The construction industry is one of the largest sectors of the U.S. economy, accounting for about 13 percent of the gross domestic product and employing about 11 million workers in 2005. Construction is also one of the most dangerous industries for workers. Hazards for construction workers include working at heights, in excavations and tunnels, on highways, and in confined spaces; exposure to high levels of noise, to chemicals, and to high-voltage electric lines; and the use of power tools and heavy equipment. Significant health risks include hearing loss, silicosis, musculoskeletal disorders, skin diseases, and health effects associated with exposures to lead, asphalt fumes, and welding fumes. The National Institute for Occupational Safety and Health (NIOSH) has conducted construction-relevant research activities since the 1970s. In 1990, Congress directed NIOSH to develop a comprehensive prevention program directed at health and safety problems affecting construction workers by expanding existing NIOSH activities in areas of surveillance, research, and intervention. During the period studied, 1996 through 2005, the NIOSH Construction Research Program focused on four research goals: reducing the major risks associated with traumatic injuries and fatalities, reducing exposure to health hazards, reducing major risks associated with musculoskeletal disorders, and increasing the understanding of construction industry attributes and factors for improving health and safety outcomes. In conjunction with planned reviews of up to 15 NIOSH research programs, the Division on Engineering and Physical Sciences of the National Research Council convened a committee of experts to evaluate the relevance and impact of the NIOSH Construction Research Program. The committee evaluated the relevance of the program in terms of its research priorities and its connection to improvements in the protection of workers in the workplace; it evaluated the impact of the program in terms of its contributions to worker safety and health. The committee was also asked to assess the program's identification and targeting of new research areas, to identify emerging research issues, and to provide advice on ways that the program might be strengthened. NIOSH cannot, on its own, set and enforce research-based standards or practices for the construction industry. These efforts are carried out, respectively, by the Occupational Safety and Health Administration (OSHA) and by individual contractors, unions, and other entities. Nonetheless the Construction Research Program can be expected to contribute to reductions in construction workplace fatalities, injuries, and illnesses through its research, dissemination of its research results, and transfer to practice. Taking into account a range of external factors beyond the control of the NIOSH Construction Research Program, the committee found that the program has indeed made meaningful contributions to improving construction worker safety and health. The review by this committee was guided by a methodology and framework established previously by a National Academies parent committee (see Appendix A). Using a 5-point scoring scale (with 5 being the highest), the present committee assigned the Construction Research Program a score of 5 for relevance, indicating that the research is in high-priority areas and that NIOSH is significantly engaged in appropriate transfer activities for completed research projects and reported program results. Regarding impact, the committee assigned the program a score of 4, indicating that the research program has made some contributions to end outcomes (worker safety and health) or well-accepted intermediate outcomes. To ensure the continued high level of relevance for the program's research and to enhance the impact of that research on health and safety practices within the construction industry, the committee recommends that research-topractice (R2P) efforts involve individuals trained in or having the experience and skills to create strategic diffusion and social marketing plans for NIOSH research and to evaluate such plans' effectiveness; that consideration be given to having the majority of R2P efforts conducted through the National Construction Center; that high-level attention by NIOSH leadership be given to determining how to provide program resources that are commensurate with a more robust pursuit of the program's goals; that the positions of Construction Program Coordinator and Construction Program Manager both become fulltime positions; that the National Construction Center continue to be used as an important component in NIOSH's Construction Research Program; and that the program establish a closer connection with OSHA and other regulatory and consensus standards organizations that can ensure that the program's research is applied effectively in rule-making efforts.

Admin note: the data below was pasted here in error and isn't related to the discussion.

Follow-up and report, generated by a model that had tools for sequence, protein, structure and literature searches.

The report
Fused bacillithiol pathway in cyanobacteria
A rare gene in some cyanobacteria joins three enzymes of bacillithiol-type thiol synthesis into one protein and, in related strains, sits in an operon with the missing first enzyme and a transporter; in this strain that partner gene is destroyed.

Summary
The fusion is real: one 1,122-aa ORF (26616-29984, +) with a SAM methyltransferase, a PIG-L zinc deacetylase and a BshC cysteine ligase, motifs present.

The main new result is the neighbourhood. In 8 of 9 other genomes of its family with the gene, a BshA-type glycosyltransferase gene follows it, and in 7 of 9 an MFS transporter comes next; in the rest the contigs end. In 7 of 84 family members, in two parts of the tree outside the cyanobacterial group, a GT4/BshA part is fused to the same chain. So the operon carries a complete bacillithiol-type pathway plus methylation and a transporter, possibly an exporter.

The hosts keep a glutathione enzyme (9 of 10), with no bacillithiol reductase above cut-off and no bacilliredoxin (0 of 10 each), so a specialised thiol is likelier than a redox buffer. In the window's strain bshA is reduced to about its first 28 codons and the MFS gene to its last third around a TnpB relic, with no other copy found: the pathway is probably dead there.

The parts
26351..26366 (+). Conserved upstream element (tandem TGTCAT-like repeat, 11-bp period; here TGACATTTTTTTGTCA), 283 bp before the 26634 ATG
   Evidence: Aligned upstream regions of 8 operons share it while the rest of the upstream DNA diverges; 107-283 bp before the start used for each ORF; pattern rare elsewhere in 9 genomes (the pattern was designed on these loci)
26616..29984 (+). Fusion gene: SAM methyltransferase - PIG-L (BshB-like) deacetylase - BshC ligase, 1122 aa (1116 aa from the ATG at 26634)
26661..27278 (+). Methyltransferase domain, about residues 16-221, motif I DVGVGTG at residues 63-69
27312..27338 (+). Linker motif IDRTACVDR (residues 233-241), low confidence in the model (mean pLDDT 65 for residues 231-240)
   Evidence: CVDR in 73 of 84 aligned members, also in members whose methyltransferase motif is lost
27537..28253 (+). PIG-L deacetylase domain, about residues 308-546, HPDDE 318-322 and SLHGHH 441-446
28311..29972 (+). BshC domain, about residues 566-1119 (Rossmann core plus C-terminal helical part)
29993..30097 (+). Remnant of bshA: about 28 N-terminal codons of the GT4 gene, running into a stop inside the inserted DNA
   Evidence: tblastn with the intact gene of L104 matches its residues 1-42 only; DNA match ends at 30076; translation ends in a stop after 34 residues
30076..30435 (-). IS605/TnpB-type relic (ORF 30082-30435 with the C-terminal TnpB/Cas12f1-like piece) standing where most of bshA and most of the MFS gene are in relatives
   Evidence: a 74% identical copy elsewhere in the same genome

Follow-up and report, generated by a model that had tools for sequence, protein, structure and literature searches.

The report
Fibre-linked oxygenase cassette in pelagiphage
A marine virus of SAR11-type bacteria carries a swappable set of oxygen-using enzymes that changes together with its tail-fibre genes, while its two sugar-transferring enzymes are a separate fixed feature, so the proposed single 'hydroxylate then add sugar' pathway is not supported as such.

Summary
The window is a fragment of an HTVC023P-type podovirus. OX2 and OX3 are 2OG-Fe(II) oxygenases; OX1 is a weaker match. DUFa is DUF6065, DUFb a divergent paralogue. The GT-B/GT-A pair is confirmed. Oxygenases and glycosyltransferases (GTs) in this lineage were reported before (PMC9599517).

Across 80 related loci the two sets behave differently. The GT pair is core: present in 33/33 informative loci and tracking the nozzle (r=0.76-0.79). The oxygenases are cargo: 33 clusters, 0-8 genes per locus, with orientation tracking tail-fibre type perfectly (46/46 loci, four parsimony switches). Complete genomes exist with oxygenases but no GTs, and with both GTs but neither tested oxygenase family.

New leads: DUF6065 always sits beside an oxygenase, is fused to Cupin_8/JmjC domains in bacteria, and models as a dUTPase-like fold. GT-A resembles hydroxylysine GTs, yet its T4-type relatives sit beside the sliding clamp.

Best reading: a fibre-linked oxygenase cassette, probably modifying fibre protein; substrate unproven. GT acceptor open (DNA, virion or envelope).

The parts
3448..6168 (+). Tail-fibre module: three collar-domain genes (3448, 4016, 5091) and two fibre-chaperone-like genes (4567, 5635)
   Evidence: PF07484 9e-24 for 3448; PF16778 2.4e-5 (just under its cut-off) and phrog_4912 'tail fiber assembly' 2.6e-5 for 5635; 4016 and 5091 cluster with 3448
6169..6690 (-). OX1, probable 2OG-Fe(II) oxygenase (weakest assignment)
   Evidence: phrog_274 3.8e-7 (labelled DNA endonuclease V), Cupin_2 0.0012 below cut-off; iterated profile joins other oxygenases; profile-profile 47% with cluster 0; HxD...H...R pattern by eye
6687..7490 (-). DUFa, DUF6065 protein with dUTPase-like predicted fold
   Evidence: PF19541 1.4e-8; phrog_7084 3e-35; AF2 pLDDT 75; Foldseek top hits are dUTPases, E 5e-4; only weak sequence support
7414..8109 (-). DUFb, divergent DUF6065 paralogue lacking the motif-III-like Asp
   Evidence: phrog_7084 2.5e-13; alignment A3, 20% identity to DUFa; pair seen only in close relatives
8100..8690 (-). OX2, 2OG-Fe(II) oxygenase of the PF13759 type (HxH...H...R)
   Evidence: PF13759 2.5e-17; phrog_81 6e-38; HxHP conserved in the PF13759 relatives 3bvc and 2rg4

Construction; Construction-industry; Construction-workers; Confined-spaces; Road-construction; Tunnel-workers; Tunneling; Excavation-equipment; Noise; Noise-exposure; Noise-induced-hearing-loss; Electricity; Electrical-workers; Electrical-safety; Musculoskeletal-system-disorders; Hearing-loss; Hearing-conservation; Hearing-protection; Skin-diseases; Skin-disorders; Lead-compounds; Asphalt-fumes; Welding; Construction-Search